When Your Child Struggles With Failure
Help him develop a healthier mindset to thrive during challenges.
A few years back, my first-grader stepped off the school bus in tears. The words he squeaked out between sobs cut me to the soul. He said, “My teacher hates my reading because I’m stupid.”
This school year, his teacher had been placed in remedial reading, a group of five students pulled from the classroom for specialized instruction. When I asked around, it seemed my son was the only student struggling with self-image over the placement. So why do certain children fall apart when faced with negative evaluation while others roll with the punches?
Part of the answer may be due to what Stanford psychology professor Carol Dweck refers to as a fixed mindset. Due to the interaction of genetics and environment, some children react with more hopelessness than others. Since academic success at school is evaluated pass/fail, some children may be reinforced to regularly think in narrow terms and constantly monitor themselves, “Am I a winner or a loser? Will I succeed or fail?”
In Mindset: The New Psychology of Success, Dweck writes, “People with a fixed mindset believe that their traits are just given…and nothing can change that.” Here are some indications your child may have a fixed mindset:
• They worry excessively about their inadequacy.
• They believe intelligence/athletic ability/talent are fixed traits rather than qualities which can be developed.
• They are compelled to prove themselves over and over because of a strong need to confirm that they are smart, athletic, or talented in every situation.
• They overfocus on judging.
• They often react with hopelessness.
Be careful how you praise your child. Believe it or not, Dweck says praise, more than criticism contributes to fixed mindsets in children. If you repeatedly praise your daughter for being smart, she may grow to expect schoolwork comes easy. If she goes on to encounter failure in math or reading, this failure may feel like proof she is not smart as you say.
Praise more effectively. Dweck recommends that when your child brings home an excellent grade you should avoid making comments of the variety “Wow, you are smart!” Instead, reference her effort and the payoff. “You worked so hard on that subject, and this is a great reward for it.”
Educate him about intelligence. If he bombs a test or comes home with a disappointing report card and says, “I’m dumb” it is important that you explain how tests and report cards are indicators of performance but not intelligence. Children need to understand that hard work and extra help can lead to greater success. It may also help to have a conversation about emotional intelligence and the value of it to their life’s success.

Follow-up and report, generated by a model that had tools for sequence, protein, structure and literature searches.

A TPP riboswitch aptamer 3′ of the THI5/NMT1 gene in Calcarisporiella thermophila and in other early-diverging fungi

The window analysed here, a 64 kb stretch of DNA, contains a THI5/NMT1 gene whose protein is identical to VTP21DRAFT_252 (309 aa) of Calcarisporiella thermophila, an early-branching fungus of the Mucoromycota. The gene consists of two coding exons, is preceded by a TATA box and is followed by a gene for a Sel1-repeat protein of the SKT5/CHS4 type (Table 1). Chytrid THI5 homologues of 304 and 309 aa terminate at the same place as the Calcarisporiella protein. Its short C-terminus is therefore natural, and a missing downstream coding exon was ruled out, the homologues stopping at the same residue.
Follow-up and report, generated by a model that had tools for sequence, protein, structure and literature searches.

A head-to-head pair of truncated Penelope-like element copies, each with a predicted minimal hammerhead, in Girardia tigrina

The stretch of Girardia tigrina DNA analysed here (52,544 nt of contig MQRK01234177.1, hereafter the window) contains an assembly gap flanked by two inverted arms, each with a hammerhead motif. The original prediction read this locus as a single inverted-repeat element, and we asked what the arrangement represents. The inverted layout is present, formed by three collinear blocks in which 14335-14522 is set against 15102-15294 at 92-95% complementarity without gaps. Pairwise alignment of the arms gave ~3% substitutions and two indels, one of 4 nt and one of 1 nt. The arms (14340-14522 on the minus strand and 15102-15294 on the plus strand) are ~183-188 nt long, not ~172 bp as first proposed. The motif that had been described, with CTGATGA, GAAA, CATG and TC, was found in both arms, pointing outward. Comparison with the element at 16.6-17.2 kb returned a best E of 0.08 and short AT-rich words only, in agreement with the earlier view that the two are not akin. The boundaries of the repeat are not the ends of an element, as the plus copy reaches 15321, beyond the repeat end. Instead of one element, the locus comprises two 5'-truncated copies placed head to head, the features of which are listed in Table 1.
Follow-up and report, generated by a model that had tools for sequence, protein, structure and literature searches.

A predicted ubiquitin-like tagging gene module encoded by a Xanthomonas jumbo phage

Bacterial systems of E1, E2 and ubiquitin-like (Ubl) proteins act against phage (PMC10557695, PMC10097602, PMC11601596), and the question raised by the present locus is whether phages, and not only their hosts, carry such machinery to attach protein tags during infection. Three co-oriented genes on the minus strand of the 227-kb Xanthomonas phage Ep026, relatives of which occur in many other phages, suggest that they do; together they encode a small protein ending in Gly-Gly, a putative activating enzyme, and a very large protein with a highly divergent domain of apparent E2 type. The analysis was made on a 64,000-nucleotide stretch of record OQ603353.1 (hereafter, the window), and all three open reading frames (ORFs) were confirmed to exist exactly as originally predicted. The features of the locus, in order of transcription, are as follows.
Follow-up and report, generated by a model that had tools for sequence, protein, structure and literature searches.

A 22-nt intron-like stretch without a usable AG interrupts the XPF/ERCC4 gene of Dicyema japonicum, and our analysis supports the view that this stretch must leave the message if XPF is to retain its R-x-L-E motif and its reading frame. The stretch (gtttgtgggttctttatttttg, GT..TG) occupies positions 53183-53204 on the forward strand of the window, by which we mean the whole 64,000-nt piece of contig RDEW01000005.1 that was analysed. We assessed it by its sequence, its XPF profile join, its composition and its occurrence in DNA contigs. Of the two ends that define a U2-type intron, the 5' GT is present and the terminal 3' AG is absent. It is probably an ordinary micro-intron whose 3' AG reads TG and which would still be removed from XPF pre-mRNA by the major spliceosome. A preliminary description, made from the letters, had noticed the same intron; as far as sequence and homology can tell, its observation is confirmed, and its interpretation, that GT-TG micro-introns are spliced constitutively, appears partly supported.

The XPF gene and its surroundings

1. Think PET.
Growth mindset thinkers recognize people can grow and succeed through Personal effort, Experience, and Training. Dweck notes that when kids think the qualities they desire are attainable, their passion is sparked for learning.
2. Ask, don’t judge.
Without a growth mindset, when your child struggles with school her self-image may be at risk. Fixed mindsets focus on judging (“This means I’m dumb,” or a “bad kid”) so a shift to a growth mindset needs to occur. A child’s inner voice could ask, “What can I learn from this?” or “How can I improve?” Dweck says developing this mindset “allows people to thrive during the most challenging times.
3. Help them heighten their sensitivity to negative self-talk.
When kids grow more aware of what their fixed mindset is telling them (“Face it — you’ve got no talent!”), they will be in a better position to do something to change that internal monologue. Talk to them about the ways their self-judgments hold them back.
4. Explain alternative ways to evaluate themselves.
In the face of failure, there is always more than one response available. If your child bombs a math test after studying hard, “You’re a horrible math student” is only one potential reaction.
5. Teach them to talk back.
They will love this. Rather than allowing a fixed mindset to drag them down — they should talk back to the voice who says they are not good enough. Encourage them to embrace a growth mindset which, without judging, sees the possibilities and the opportunities that come from a setback.
6. Discuss how a new mindset may be put into practice.
Dweck challenges individuals to embrace life’s trials and learn from setbacks. She says, “Hear the criticism and act on it.” Action based on a healthier mindset will expand the opportunities available to our kids now and through adulthood.
Michele Ranard has a husband, two children, and a master’s in counseling.